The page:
This is a book that rewards you the more you keep reading it.
It starts out looking like a farce, as you meet the Lambert family, from the fictional town of St. Jude, somewhere in the midwestern USA. Each family member seems to be a caricature, a stereotype. First you encounter the parents, Enid and Alfred, who are trapped in a soured marriage (and in a house full of kitschy clutter). Enid is gossipy, snobby, and interfering. She nags her husband mercilessly, driving him to spend his retirement days in a cluttered basement workshop ignoring her. She brags to her friends about her three grown children's accomplishments, while inside she feels bitterly disappointed about the way they've turned out. She writes long letters to her offspring, full of barbed comments and questions and full of praise for the accomplishments of their siblings.
And those siblings are not a charming bunch at first. The feckless Chip sinks deeper and deeper into debt while he sits in his New York apartment amid the ruins of a failed academic career, writing a meritless screenplay. Gary, Chip's neurotic older brother, who thinks he's a real hot shot investment banker, lords it over his siblings and parents from his fancy Philadelphia mansiont (that is, when he's not escaping to work to avoid his overbearing wife and spoiled children). Meanwhile, Denise, the baby of the family, takes refuge in her career as a chef and tries to put as much distance between herself and her family as possible, actively disparaging her mother's values.
Meanwhile, Alfred seems to be the only one in the family with any sense and decency. Unfortunately, he's losing his battle with Parkinson's disease and dementia, and he's so overshadowed by Enid, not to mention the self-centeredness of his entire family, that nobody seems to pay him much attention.
Enid is maneuvering and manipulating her children throughout the course of this book, trying to get them to agree to come and spend one last Christmas with their parents in St. Jude. As the fateful holiday draws closer, a number of events are set into motion that propel the characters toward major changes in their lives. The narrative switches to focus on each of the characters in turn, and that's where Franzen moves beyond the amusing caricatures and shows us the people inside. The book becomes, to quote from the novel, "a tragedy rewritten as farce".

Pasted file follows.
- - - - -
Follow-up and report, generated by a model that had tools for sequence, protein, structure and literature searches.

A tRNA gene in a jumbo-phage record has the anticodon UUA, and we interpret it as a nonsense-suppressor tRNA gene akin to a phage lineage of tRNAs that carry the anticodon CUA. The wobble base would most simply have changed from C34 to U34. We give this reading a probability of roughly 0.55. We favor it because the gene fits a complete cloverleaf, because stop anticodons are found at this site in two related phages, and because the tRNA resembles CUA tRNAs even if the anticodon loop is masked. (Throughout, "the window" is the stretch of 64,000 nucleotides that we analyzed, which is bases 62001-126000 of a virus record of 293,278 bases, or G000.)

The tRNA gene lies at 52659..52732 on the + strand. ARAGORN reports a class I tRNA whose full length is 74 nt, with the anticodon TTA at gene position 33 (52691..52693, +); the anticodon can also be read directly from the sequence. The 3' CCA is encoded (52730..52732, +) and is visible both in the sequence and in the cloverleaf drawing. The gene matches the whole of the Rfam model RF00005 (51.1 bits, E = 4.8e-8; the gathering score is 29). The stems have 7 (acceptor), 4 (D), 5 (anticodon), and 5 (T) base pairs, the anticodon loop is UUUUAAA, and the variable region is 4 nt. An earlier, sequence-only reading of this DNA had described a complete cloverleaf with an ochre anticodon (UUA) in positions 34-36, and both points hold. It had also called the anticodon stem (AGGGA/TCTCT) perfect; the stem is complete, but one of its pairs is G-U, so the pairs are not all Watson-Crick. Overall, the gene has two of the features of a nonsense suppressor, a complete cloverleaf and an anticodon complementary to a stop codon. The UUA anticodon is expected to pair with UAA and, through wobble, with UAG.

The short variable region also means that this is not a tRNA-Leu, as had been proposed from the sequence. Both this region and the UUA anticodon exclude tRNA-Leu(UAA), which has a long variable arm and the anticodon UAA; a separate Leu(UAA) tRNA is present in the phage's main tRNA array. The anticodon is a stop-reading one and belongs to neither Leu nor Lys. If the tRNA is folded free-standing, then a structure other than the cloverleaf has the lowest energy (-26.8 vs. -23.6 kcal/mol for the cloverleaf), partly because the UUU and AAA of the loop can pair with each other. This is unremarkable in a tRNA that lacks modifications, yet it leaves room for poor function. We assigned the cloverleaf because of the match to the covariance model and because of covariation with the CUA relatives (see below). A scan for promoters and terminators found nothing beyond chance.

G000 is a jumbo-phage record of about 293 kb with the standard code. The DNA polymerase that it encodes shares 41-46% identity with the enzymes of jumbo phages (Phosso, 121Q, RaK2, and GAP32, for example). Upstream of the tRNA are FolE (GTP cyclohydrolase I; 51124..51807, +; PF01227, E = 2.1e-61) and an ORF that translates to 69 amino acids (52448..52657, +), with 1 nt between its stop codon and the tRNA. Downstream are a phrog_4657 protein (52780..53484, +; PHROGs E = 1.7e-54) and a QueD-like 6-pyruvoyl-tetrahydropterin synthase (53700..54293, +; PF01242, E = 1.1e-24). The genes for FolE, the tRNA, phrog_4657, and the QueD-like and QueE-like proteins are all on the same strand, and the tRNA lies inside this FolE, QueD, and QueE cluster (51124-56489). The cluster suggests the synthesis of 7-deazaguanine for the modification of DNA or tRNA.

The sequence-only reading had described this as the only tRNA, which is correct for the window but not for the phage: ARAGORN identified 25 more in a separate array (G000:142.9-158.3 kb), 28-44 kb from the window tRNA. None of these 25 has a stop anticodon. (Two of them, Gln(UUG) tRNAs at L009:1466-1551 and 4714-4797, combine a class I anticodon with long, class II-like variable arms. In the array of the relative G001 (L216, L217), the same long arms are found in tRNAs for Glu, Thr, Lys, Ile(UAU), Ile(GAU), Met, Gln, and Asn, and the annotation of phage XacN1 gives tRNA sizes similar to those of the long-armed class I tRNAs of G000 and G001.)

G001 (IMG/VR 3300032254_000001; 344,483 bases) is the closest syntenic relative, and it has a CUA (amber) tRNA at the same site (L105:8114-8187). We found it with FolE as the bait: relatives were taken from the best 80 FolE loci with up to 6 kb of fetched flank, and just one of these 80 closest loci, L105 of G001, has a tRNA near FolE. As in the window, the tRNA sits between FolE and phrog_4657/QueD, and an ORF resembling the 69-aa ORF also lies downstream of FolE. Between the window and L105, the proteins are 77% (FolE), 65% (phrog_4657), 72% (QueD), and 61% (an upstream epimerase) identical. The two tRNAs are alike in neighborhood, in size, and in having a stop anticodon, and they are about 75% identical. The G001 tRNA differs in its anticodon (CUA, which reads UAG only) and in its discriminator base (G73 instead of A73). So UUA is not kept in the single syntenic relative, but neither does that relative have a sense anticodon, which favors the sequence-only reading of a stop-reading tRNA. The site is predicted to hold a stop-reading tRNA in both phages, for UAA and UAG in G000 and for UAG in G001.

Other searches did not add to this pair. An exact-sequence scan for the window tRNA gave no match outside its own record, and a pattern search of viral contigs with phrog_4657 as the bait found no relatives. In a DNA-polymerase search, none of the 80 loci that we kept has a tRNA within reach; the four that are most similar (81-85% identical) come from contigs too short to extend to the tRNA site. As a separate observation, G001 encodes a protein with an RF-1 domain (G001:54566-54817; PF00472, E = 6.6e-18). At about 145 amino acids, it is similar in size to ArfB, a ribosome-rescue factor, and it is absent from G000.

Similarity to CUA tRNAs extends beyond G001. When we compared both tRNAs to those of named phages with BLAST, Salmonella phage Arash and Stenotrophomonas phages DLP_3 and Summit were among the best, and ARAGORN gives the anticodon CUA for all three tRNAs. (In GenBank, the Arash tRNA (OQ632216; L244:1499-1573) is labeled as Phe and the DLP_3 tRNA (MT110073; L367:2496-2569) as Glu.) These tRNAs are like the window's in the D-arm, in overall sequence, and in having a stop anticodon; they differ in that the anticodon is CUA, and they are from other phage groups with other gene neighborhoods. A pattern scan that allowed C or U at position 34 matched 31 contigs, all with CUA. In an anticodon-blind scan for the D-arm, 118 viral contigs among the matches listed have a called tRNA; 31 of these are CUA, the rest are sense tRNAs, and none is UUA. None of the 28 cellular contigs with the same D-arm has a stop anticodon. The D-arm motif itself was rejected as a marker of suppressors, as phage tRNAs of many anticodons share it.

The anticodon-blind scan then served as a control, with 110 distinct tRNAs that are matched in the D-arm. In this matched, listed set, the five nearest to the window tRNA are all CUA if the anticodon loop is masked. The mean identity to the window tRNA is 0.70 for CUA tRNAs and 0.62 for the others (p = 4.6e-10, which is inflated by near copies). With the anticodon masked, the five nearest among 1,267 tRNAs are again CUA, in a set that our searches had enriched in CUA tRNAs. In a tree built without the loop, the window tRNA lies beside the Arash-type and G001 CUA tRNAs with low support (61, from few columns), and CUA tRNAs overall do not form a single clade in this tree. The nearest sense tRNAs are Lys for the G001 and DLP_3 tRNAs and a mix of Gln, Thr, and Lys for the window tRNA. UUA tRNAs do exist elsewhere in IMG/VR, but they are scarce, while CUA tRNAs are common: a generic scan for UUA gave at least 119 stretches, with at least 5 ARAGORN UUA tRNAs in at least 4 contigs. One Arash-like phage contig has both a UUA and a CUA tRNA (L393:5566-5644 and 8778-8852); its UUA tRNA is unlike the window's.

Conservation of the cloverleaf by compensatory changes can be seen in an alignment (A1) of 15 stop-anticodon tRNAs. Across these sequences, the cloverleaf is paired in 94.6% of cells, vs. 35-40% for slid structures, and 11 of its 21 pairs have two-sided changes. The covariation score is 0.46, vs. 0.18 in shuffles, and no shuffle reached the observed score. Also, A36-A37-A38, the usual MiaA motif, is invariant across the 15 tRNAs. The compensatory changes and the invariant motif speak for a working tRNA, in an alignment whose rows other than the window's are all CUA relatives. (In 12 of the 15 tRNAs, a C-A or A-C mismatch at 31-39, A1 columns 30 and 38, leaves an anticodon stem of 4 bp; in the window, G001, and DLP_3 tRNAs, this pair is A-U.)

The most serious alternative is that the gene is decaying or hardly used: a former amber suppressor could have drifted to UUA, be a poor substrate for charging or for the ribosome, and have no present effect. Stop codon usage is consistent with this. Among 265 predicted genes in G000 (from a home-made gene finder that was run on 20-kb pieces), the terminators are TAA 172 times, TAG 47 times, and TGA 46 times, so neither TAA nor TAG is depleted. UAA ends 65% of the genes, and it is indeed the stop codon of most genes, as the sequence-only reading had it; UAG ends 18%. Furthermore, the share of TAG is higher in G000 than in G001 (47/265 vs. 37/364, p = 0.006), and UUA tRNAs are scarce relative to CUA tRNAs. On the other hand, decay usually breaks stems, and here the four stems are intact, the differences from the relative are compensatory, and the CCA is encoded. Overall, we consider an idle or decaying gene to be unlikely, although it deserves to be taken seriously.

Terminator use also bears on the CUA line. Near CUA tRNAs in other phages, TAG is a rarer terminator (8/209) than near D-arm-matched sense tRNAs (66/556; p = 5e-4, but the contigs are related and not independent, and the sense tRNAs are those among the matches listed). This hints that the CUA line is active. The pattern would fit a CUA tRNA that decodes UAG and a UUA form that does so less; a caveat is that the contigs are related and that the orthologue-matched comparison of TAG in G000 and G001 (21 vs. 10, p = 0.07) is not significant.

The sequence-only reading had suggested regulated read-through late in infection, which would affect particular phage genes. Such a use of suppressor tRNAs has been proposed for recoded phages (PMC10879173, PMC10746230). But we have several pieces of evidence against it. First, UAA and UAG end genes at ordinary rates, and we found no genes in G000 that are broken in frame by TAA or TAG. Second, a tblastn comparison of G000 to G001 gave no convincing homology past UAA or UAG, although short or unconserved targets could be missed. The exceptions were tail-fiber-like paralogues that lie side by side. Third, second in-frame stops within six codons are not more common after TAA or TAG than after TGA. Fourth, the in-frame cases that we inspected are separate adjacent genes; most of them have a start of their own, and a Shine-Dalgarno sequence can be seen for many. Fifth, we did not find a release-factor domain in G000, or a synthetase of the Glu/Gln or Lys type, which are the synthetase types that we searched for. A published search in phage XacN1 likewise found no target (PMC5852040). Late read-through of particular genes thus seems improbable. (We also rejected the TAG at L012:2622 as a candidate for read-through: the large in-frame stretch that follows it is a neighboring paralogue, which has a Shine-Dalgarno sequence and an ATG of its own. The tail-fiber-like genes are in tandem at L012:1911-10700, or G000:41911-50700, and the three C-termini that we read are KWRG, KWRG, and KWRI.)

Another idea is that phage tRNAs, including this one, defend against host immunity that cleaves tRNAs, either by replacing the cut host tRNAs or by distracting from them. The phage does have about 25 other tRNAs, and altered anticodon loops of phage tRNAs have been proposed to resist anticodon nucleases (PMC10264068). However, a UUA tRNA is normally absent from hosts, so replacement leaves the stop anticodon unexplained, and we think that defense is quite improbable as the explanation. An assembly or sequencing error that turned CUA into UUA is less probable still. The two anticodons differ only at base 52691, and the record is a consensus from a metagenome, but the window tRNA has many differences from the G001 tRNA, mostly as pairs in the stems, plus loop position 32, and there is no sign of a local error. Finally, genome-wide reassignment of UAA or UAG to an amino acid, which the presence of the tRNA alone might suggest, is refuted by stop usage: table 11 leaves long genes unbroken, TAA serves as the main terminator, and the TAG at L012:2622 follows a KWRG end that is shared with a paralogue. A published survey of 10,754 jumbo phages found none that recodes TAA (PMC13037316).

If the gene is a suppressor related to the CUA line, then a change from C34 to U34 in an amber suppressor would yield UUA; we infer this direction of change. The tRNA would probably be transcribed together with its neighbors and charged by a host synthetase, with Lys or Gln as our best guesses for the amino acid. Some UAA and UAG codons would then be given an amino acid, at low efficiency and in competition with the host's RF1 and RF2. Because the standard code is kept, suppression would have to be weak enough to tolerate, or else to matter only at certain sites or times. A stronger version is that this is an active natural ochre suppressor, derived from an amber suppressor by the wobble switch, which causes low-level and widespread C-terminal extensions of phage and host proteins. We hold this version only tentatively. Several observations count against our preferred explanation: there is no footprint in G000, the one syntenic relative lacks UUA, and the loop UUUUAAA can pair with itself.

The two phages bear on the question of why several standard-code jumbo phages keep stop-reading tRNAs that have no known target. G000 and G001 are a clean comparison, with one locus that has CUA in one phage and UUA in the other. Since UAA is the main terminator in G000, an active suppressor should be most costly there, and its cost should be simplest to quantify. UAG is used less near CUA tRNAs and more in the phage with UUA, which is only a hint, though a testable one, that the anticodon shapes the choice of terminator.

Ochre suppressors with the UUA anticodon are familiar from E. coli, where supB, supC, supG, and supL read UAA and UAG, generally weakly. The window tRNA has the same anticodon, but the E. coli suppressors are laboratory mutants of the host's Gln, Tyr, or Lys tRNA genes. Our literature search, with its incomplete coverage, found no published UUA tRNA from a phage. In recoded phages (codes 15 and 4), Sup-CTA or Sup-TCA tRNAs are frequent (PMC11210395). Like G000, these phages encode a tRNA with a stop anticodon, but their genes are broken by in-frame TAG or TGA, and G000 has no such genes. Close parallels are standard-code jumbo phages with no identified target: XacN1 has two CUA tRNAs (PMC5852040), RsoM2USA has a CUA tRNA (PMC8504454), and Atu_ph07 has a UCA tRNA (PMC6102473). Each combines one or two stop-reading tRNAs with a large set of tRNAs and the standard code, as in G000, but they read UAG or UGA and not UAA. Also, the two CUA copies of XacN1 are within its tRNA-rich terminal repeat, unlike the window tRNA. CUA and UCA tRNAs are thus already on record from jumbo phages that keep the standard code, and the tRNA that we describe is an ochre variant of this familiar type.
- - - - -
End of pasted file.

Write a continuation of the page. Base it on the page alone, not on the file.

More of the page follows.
If you take the time to get to know people and see beyond the face they show to the world, they can show you so much more about themselves. This is not often true of fictional people, but it is true of the Lamberts. Each of them has a unique voice, an internal monologue that feels so authentic that I couldn't help being sucked into this story. As the story unfolds, they reveal their depth, their feelings and motivations. I found that I started rooting for them and wanting the best for each of them even while I laughed at their foibles and proclivities. I hoped that Enid could get over her many disappointments, that Alfred could somehow reach his children and convince them to treat him with respect, that Chip would outgrow his irresponsibility and find some kind of worthwhile focus, that Gary could find a way to connect with his family and that Denise would figure out what she wants out of life.
Read this book! And if you do, let me know what you think in the comments :-)